Koh Kong Officials To Join Monkhood for a Week

Koh Kong Governor Yuth Phouth­ang and at least 30 other senior officials from the province will soon swap government orders for begging alms when they temporarily join the monkhood, authorities said.

Provincial Cabinet Chief Un Chhaly said Thursday that for a week in June, the officials would be ordained into Smach Meanchey district’s Wat Prek Svay pagoda in a ceremony presided over by the CPP-affiliated Great Supreme Patriarch Tep Vong.

“They will be ordained as a group,” Un Chhaly said of the June 22 ceremony. “Their ordination is to pay tribute to their parents and people who have died for our nation,” he said.

The officials due to don saffron robes include Deputy Provincial Governor Kham San, Provincial Police Chief Sam Khitvien and Provincial Military Police Com­mander Thong Narong, as well as district governors, the directors of several provincial departments and provincial military officials, Un Chhaly said. A committee of government officials has been planning the event for some time, but the official decision to hold it was not made until May 18, Un Chhaly said.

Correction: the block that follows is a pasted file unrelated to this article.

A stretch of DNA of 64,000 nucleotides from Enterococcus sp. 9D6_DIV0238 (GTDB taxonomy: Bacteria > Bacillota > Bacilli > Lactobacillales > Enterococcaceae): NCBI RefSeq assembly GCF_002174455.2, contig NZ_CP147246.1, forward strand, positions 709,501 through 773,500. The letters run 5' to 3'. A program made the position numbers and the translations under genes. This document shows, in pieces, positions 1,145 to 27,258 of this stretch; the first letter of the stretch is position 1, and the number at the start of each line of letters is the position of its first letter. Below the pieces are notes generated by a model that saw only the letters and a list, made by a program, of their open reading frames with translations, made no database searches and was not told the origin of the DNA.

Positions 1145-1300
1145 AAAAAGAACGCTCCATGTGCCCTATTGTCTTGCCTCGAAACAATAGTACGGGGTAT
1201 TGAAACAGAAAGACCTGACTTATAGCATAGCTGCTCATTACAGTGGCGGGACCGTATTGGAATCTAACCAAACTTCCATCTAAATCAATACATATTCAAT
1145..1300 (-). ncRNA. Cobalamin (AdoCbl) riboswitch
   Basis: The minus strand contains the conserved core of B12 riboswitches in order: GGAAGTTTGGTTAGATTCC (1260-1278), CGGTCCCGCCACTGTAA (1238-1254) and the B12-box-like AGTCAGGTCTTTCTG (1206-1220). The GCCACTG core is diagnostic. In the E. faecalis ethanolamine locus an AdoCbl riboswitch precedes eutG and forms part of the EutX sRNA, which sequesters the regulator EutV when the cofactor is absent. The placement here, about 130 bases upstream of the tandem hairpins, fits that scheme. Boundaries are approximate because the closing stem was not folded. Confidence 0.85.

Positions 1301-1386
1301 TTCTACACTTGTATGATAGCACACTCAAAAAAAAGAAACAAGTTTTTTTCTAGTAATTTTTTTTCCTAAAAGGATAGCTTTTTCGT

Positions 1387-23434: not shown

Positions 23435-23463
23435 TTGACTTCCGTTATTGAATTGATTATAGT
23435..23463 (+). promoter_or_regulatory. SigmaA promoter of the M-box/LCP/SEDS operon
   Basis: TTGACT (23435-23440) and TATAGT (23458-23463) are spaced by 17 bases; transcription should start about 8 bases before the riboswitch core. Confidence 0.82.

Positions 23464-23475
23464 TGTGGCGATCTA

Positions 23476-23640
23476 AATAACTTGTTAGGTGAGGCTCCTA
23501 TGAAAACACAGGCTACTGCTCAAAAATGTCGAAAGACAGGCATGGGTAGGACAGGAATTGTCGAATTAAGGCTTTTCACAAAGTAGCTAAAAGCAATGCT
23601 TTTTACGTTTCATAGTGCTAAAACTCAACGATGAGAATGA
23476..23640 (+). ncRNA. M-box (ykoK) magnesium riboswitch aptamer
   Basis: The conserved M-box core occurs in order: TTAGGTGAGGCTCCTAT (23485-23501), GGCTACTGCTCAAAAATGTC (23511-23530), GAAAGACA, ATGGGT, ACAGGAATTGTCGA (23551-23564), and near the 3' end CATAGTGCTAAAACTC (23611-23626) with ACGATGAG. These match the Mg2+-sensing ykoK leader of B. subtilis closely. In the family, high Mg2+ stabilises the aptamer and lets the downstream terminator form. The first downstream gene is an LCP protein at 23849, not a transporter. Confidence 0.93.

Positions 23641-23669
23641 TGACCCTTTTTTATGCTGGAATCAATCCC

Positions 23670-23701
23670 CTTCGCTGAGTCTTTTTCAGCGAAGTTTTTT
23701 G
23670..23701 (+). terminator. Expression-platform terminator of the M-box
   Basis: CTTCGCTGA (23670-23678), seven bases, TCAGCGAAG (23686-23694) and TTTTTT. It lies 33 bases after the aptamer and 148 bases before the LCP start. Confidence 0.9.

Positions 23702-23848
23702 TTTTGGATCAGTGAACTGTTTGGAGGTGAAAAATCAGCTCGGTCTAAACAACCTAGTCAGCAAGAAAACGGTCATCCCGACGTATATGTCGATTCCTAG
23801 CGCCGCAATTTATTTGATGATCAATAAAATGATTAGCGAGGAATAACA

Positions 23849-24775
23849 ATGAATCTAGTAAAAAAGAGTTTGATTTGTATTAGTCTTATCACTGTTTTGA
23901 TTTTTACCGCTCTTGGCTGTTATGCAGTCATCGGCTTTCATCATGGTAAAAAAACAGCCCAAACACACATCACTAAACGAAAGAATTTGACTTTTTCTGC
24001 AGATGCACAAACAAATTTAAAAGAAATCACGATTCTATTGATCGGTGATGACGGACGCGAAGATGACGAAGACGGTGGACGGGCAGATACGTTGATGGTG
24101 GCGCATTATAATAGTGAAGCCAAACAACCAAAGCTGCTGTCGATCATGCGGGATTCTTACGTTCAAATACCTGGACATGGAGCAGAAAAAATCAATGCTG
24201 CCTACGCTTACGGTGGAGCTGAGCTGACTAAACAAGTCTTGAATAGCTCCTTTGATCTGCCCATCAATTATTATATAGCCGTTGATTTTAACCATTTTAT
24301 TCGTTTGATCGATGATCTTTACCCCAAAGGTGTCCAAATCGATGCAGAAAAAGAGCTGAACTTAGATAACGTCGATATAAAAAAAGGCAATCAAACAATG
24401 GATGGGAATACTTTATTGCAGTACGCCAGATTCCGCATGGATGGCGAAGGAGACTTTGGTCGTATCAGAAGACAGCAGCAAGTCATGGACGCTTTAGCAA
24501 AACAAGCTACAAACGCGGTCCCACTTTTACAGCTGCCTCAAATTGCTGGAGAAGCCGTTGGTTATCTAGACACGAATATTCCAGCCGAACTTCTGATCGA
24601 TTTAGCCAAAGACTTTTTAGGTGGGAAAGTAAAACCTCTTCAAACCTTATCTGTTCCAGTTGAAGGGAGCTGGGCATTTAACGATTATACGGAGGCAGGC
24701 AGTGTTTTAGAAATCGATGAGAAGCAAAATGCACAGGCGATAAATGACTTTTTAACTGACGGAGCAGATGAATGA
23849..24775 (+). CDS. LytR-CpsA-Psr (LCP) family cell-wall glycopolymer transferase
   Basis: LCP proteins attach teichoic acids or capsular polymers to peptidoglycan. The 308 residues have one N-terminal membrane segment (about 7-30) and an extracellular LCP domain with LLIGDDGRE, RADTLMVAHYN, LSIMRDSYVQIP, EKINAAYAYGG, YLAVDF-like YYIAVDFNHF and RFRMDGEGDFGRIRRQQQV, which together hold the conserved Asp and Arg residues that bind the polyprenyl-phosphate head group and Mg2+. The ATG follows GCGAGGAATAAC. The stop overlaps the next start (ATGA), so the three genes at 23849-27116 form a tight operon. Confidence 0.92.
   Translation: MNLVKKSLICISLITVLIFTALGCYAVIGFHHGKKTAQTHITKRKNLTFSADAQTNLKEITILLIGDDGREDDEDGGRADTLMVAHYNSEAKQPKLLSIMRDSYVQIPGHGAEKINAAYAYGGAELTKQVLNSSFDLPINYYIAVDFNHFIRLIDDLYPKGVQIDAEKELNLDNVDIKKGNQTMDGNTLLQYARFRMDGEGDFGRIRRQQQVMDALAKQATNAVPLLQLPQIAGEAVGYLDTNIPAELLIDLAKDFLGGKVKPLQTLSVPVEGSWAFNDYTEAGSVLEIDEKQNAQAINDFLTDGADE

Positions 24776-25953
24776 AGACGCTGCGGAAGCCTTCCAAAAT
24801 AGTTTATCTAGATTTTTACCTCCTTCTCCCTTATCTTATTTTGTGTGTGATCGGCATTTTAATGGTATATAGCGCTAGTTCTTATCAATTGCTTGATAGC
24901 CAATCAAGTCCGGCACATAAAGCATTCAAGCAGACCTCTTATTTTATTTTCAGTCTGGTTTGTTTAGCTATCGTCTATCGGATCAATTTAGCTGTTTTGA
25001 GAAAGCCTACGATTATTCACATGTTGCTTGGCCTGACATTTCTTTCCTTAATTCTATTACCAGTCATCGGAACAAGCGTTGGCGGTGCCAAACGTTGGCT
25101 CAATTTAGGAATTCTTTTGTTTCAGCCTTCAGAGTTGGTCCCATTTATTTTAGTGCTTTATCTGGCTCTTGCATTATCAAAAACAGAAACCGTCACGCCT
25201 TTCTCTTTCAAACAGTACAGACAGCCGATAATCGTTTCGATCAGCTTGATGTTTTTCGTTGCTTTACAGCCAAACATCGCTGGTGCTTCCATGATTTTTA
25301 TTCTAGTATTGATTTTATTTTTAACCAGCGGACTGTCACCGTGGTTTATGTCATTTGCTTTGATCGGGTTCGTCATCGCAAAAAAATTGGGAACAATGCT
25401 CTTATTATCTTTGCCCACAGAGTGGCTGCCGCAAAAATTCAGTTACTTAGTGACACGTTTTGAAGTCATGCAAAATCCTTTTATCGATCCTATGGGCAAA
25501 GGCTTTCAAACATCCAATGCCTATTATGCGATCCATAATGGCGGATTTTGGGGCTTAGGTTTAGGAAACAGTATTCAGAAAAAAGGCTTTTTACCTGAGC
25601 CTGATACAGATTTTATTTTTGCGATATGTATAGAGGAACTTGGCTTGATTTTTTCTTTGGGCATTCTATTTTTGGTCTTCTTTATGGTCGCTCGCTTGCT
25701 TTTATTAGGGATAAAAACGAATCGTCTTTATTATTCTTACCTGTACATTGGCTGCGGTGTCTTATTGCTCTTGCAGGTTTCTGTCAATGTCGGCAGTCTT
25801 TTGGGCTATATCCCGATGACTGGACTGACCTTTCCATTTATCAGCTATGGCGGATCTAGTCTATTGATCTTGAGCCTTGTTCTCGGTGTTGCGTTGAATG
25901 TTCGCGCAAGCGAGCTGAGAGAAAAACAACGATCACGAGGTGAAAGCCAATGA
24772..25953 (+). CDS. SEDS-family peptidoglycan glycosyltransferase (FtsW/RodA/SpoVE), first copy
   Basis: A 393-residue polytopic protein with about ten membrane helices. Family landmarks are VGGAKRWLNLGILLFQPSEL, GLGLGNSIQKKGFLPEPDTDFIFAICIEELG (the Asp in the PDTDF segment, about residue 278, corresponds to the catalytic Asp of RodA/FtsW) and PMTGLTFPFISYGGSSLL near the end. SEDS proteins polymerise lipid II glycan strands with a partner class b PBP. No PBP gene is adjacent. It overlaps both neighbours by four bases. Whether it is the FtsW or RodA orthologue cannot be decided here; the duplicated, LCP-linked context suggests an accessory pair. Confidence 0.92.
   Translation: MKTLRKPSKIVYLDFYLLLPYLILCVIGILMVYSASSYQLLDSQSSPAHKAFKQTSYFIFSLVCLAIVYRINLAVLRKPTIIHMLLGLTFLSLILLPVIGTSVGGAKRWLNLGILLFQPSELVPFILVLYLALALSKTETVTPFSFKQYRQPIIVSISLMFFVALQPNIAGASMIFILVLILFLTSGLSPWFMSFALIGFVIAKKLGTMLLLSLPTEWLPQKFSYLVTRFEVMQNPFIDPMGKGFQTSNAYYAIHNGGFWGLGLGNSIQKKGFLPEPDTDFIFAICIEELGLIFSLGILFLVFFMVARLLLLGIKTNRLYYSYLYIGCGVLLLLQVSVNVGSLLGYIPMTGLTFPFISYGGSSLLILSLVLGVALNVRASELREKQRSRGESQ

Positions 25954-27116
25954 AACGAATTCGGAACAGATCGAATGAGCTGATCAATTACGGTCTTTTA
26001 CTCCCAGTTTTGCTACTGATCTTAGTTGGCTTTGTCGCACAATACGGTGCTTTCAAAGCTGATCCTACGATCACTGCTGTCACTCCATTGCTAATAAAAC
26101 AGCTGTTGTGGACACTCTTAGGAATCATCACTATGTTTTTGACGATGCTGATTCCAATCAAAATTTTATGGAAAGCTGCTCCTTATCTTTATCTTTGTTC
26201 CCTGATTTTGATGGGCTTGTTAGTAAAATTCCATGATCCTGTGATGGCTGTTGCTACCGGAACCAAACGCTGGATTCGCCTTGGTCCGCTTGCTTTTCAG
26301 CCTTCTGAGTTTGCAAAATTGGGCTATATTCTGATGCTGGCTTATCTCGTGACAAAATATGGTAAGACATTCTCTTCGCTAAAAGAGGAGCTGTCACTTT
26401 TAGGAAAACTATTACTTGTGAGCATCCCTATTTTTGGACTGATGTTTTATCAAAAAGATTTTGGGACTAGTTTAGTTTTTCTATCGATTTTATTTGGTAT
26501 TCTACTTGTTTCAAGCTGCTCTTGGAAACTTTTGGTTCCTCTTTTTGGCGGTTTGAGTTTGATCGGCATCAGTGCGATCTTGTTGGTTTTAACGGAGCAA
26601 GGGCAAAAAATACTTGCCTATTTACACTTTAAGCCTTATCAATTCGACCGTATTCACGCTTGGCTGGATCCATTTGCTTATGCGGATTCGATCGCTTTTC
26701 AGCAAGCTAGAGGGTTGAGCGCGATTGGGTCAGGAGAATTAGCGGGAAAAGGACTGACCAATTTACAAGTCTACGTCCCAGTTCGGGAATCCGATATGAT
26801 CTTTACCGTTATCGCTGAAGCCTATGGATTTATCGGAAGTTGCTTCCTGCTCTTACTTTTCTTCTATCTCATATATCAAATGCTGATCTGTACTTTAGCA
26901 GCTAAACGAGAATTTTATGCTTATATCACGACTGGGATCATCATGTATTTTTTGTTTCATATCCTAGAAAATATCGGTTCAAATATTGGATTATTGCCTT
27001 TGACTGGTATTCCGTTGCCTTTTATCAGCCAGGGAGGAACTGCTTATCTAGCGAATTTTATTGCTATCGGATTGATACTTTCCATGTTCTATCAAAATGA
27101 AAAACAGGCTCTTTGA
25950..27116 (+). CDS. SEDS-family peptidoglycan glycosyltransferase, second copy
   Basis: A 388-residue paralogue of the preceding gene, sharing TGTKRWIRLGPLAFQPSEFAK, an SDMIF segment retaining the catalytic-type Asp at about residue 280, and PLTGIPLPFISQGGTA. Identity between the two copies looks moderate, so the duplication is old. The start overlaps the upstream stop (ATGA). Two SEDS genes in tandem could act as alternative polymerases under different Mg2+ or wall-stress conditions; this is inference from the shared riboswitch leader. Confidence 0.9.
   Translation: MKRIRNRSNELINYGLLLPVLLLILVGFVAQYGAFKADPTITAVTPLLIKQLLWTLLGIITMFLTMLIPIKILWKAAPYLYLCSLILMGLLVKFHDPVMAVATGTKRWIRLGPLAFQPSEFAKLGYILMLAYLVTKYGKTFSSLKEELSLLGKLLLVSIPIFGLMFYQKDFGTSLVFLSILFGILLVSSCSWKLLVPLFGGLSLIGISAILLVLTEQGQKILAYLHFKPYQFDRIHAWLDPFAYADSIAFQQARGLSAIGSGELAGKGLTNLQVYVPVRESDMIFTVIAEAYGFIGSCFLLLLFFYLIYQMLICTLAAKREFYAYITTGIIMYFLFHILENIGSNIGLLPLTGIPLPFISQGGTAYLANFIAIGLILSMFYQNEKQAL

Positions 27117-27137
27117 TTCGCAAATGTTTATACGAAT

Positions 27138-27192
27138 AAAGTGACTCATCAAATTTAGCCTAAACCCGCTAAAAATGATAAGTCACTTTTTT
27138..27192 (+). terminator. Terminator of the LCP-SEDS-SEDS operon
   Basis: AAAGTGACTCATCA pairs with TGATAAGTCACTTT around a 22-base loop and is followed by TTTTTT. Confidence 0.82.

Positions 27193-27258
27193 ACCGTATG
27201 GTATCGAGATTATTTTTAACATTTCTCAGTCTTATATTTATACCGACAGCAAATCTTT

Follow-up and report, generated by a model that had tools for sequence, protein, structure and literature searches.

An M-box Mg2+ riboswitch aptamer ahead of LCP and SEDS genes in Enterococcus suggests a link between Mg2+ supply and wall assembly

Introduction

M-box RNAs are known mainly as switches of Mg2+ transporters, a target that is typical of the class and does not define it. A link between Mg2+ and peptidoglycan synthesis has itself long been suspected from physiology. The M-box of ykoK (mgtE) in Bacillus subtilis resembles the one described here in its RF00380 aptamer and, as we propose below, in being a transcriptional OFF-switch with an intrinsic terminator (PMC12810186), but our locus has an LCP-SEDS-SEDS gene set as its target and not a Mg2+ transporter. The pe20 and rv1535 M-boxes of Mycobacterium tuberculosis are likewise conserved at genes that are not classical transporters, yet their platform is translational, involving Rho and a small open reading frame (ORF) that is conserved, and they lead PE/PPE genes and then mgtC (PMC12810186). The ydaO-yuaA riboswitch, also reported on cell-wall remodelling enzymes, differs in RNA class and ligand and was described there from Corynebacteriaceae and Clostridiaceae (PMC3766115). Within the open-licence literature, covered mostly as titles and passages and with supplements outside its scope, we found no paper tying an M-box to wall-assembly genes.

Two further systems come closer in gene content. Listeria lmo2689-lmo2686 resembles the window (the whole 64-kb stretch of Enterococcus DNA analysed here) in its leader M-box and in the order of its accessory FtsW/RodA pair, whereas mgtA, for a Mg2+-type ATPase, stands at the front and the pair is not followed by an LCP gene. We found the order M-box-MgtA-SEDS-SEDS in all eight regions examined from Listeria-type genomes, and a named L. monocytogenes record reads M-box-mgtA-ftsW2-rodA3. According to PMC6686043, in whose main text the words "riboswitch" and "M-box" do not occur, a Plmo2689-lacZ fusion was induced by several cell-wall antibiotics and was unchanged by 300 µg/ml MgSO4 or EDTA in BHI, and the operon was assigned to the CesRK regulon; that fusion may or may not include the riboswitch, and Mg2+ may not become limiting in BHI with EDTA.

SRP leader Sam Rainsy said he was baffled by the project, though he added that it appears to fit into a pattern of CPP officials trying to associate themselves with Bud­dhism in order to win votes.

“They should live by the Bud­dha’s teachings and not just go to the pagoda for publicity,” he said.

Mar Sophal, monitoring chief for the Committee for Free and Fair Elections, also said the project may be a way for officials to curry political favor with villagers by demonstrating that they are “good people.”

So many officials leaving their positions at the same time could affect the provincial government’s ability to carry out its work, he added.

Yuth Phouthang, Kham San and Thong Narong are members of the ruling CPP, officials said, though the political affiliations of the other officials are uncertain.

Thong Narong denied that the project was part of a political campaign ahead of the 2008 election.

“We lived under the [Khmer Rouge] regime and joined the army to liberate the nation,” he said.

“Now Koh Kong has nice brid­ges and roads—a [man] must be or­­dained once in his life.”

Un Chhaly also denied that the project was a publicity stunt.

It is traditional for men to join the monkhood for a time prior to marrying, but these officials never had the opportunity to do so because of the civil war, he said. The project will have no impact on functions of government, Un Chhaly added.

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